I had a long week. It commenced with teaching 4 teenagers to speak English. It was tiring and they were completely fish-eyed. I don’t remember being fish-eyed as a teen. But I do want to apologize to all the adults in my life then and now for once having been a teenager.
I’m so sorry. Really.
I made you cookies.
But we’ll get to that.
Friday night ended with me coming home at 8pm to a very exciting treat. Earlier in the day I had seen fleurs de courgette being sold in the market place and I immediately texted the husband with an excited note that if they weren’t too expensive, would he pleeeeeeeeeeeeeease buy some. He did.
These are zucchini flowers. They aren’t rare, they aren’t too expensive, but they are a bit hard to find. I love them. I had them first at La Colombe in Hyères (coincidentally, I’m going to that restaurant tonight), and thought they were so spectacular that I’d waited impatiently all year for summer and zucchini to come again.
These flowers are often stuffed. Usually with cheese or the zucchini itself and then fried or baked.
We stuffed ours with very fresh goat cheese mixed with garlic, onion and yellow pepper. Then drizzled them in olive oil and baked them in the oven for 15 minutes.
Fleurs de courgette are tangy, almost citrus-like with such a wonderful and satisfying crunch at the end. You know you’re eating a flower, it feels like eating a flower should. Like sunshine.
And now, your cookies.
The Dame Blanche is most often known as a sundae. Vanilla ice cream, chocolate sauce, strawberries or strawberry coulis and whipped cream. However, there is something much more exciting that can be found in almost every bakery in France: the Dame Blanche Cookie.
Dame Blanche or white lady is my favorite cookie. I’d never made them before, so bear with me:
- 1 ¼ cup flour
- 115g of butter, softened
- ¾ of powdered sugar
- 1 egg
- pinch of salt
- pinch of vanilla extract
- jam or confiture of your choice – I used strawberry, which is the most common.
Mix your softened butter, sugar and egg until every thing is smooth and homogenous. Add your flour, vanilla and salt and mix until everything comes together. Then mix a bit more to firm up your dough – not too firm – stop when you start to feel a bit of resistance – about 3 or 4 minutes on a low setting.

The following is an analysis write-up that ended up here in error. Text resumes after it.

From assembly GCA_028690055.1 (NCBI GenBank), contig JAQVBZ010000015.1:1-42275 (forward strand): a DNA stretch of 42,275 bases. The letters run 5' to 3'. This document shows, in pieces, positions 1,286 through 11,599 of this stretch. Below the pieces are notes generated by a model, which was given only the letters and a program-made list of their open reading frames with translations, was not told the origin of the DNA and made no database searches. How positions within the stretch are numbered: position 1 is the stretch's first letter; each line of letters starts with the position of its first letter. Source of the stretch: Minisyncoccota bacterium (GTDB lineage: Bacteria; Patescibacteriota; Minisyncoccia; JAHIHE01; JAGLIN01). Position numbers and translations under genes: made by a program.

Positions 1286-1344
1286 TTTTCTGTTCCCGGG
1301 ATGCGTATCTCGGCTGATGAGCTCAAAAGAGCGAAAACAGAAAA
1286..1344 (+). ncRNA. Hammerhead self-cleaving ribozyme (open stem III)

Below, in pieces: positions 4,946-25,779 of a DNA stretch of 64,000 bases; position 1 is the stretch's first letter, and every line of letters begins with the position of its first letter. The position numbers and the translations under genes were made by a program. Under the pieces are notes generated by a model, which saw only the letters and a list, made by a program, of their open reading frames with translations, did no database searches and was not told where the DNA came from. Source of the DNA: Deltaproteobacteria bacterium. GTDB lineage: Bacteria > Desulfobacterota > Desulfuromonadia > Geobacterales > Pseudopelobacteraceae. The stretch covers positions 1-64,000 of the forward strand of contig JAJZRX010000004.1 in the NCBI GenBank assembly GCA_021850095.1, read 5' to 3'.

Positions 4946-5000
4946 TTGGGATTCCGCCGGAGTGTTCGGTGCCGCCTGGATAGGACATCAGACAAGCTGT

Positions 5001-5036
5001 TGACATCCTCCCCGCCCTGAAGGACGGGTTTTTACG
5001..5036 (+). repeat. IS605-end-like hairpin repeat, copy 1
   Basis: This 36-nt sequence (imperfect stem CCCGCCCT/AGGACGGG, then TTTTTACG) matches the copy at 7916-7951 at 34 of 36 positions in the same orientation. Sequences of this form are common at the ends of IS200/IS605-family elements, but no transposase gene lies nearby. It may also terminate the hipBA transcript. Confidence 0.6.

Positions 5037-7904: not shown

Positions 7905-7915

Set in the refrigerator for 30 minutes. Meanwhile preheat your oven to 350°F or 180°C.
When the 30 minutes are up, flour your work surface and your rolling pin and your hands. Really coat it in the flour. Don’t be afraid to make a mess. Take your dough out of the bowl and set it on your work surface. Flour it too.
Carefully roll the dough out to about 1/8 of an inch thick. This dough is incredibly sticky – something I unhappily discovered, which is why I recommend LOTS of flour everywhere to keep it from sticking.
Using a cookie cutter, cut yourself as many cookies as the dough allows but make sure you have an even number of cookies. I cut one cookie at a time, put it on the cookie pan and then cut the next. It was just easier given how delicate the dough was.
For every other cookie you will cut a small hole in the center. I recommend doing this while the cutter is still supporting the shape of the cookie. My holes didn’t come out so great, but maybe next time.
Bake your cookies for 10 minutes or until they are fully cooked through. You want them to be firm and crispy and browned.
Take them out and let them cool fully. Try to clean up in the mean time before your significant other sees the mess you’ve made with the kitchen.
When the cookies are cool, take your jam and spread a nice amount all over the cookie bottoms – the ones without the hole. Put the cookie tops on – the ones with the hole in the center. Et voila!
Normally, the Dame Blanche has white powdered sugar on top of it. I couldn’t find any in the store today and ran out of sugar when I was making the recipe. But no matter – they still taste great. They’re just not as white as they should be. Keep them in the fridge for about 3 days.
So please forgive me, for every having been a teenager. And have a cookie. It makes everyone feel better.